How Kids Can Be Our Best Therapy – What I’ve Learned Parenting With A Handicap
Your child will teach you more than you will ever teach them.
I used to be ashamed of my handicaps as if they were a choice. I still am in some ways. Close to ten years ago, a stroke-impaired my dominant hand, I lost all hearing in one ear, and my face was partially paralyzed. Returning to life as I knew it with newfound deficits after the accident was frustrating. Becoming a parent with those handicaps has been a whole different level of frustration.
I had learned to sit on the side of the table where I could hear better. I had learned to smile minimally to avoid highlighting facial asymmetry. I had learned to write with the non-dominant, left hand in public rather than make people wait allll day for me to make a spastic scribble with the right. But then, parenthood.
Close to three years after the accident, we delivered our first healthy little one in the front seat of our car, because of course. Our second little girl came a year and a half later.
Parenthood Is All-In
As parents, we innately recognize that our weaknesses or anxieties about parenthood come second to caring for our children. The first time I babysat, I had no idea how to change a diaper. Looking back, now three babies in, I’m 100 percent that I either put it on backward or not tight enough, but I did it anyway. I didn’t let my fear of not knowing how to properly use a wipe stop me from caring for my friend’s little one. With kids of my own, this same sense of prioritizing them above my insecurities has left me no other choice but to let the handicaps out of the bag…
- My daughter is the last one on the dance floor after the tap shoe change because laces are a struggle.
- Until they learn how their hair is never going to look cutesy in school or family pictures.
- I always have to flip my babies around so I can change their diaper with my left hand.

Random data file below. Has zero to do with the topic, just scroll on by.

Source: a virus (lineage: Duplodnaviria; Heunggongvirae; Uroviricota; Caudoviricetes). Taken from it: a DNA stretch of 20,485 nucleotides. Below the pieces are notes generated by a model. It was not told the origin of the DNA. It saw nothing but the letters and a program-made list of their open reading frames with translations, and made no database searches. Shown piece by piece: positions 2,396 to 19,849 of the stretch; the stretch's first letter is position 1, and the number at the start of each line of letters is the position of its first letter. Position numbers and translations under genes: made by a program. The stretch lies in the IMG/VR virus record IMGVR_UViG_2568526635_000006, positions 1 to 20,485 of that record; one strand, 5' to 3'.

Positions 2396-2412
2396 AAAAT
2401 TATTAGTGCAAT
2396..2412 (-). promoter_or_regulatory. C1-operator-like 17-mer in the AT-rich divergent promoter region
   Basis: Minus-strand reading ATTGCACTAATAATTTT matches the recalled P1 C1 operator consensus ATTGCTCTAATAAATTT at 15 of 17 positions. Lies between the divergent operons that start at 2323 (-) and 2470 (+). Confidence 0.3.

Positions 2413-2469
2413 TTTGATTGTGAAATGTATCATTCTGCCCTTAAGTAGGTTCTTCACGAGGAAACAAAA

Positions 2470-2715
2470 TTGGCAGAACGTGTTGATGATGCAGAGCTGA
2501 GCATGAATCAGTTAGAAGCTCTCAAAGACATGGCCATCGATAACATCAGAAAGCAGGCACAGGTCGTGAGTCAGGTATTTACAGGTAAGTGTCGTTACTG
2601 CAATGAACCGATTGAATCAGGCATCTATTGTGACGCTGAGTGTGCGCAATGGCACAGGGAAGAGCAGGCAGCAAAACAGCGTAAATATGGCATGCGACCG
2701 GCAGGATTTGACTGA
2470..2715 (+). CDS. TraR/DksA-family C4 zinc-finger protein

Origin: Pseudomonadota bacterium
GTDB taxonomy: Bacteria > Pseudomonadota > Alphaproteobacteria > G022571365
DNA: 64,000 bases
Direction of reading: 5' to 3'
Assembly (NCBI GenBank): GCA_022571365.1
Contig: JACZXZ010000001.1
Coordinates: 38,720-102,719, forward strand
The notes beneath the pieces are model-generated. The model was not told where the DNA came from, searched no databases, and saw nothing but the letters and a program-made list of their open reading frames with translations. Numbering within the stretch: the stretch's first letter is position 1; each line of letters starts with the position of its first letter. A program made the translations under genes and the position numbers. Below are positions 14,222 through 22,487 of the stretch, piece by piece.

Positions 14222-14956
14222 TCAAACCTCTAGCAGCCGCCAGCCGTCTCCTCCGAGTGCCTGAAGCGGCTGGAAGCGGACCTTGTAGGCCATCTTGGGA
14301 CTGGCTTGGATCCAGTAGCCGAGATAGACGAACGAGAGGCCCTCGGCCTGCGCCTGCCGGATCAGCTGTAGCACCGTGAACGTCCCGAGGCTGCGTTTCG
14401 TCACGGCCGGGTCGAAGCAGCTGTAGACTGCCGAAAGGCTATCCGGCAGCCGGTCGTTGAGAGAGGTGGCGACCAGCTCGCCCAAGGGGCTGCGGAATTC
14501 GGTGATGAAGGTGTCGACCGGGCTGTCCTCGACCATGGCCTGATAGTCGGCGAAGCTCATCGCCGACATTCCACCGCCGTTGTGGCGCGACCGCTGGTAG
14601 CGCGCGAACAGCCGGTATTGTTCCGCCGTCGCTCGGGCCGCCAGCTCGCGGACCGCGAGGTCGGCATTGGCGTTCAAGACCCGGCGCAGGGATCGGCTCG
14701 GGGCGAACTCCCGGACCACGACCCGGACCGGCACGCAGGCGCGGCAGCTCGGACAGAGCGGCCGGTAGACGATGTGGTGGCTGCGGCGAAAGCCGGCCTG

- The teachers and administration see my chicken scratch font on every permission slip, homework question, and volunteer form.
When the rubber meets the road, I choose them. I refuse to let my insecurities hamper their involvement. The love of my children has required me to own my weaknesses, which has been both the most humbling and rewarding therapy.
Parenthood Is Therapy
Last year my oldest started Kindergarten. The summer before, we worked on learning to read and I was so proud of how well she picked it up. During the year, she worked on handwriting and keeping the letters between the dashed lines.
As I attempted to show her how, I realized that my handwriting came far more naturally and was neater with my stroke-impaired dominant hand, regardless of how slow. As I used the lined Kindergarten notebook paper to teach her, I saw that my handwriting between the guided lines was looking as close to normal as it had in eight years.
Last year I decided, “If my child can do it, so can I,” and I started to use my right hand again. Just as I go to her violin lessons to learn music, I could re-learn how to polish my handwriting with my new set of hands. I wrote notes to teachers, filled out forms at the doctor’s office, took notes at a conference, and tried to journal with the right hand as long as I could until it cramped up.
Teaching my daughter to write taught me to use both hands again.
Parenting Imperfectly Gives Them Freedom to Struggle
“If you can’t fly then run, if you can’t run then walk, if you can’t
walk then crawl, but whatever you do you have to keep moving
forward.” – Martin Luther King Jr.
My handwriting will never be what it was. I will never be able to hear my kids perfectly while driving as they are, quite literally, talking into a deaf ear. My smile will never look “picture perfect.” But I am still smart. But I am still capable. But I am still beautiful.
But I am still their mom.
Their mom that tries their French braids again. That sprays sunscreen into my impaired hand before covering them at the pool. That wobbly highlights books and signs credit card kiosks. That is no longer afraid to smile naturally in family pictures. That lets them into my struggle.
Owning my weaknesses lets my girls know it’s hard, that it’s humbling, but that you never give up. And, more importantly, that I am not defined by my handicap. That I am not ashamed to let others into it because vulnerability is ALWAYS greater than shame.
We are all fighting handicaps. I’ve found that having the humility to let our kids see them is one of the best ways to love our children…and ourselves.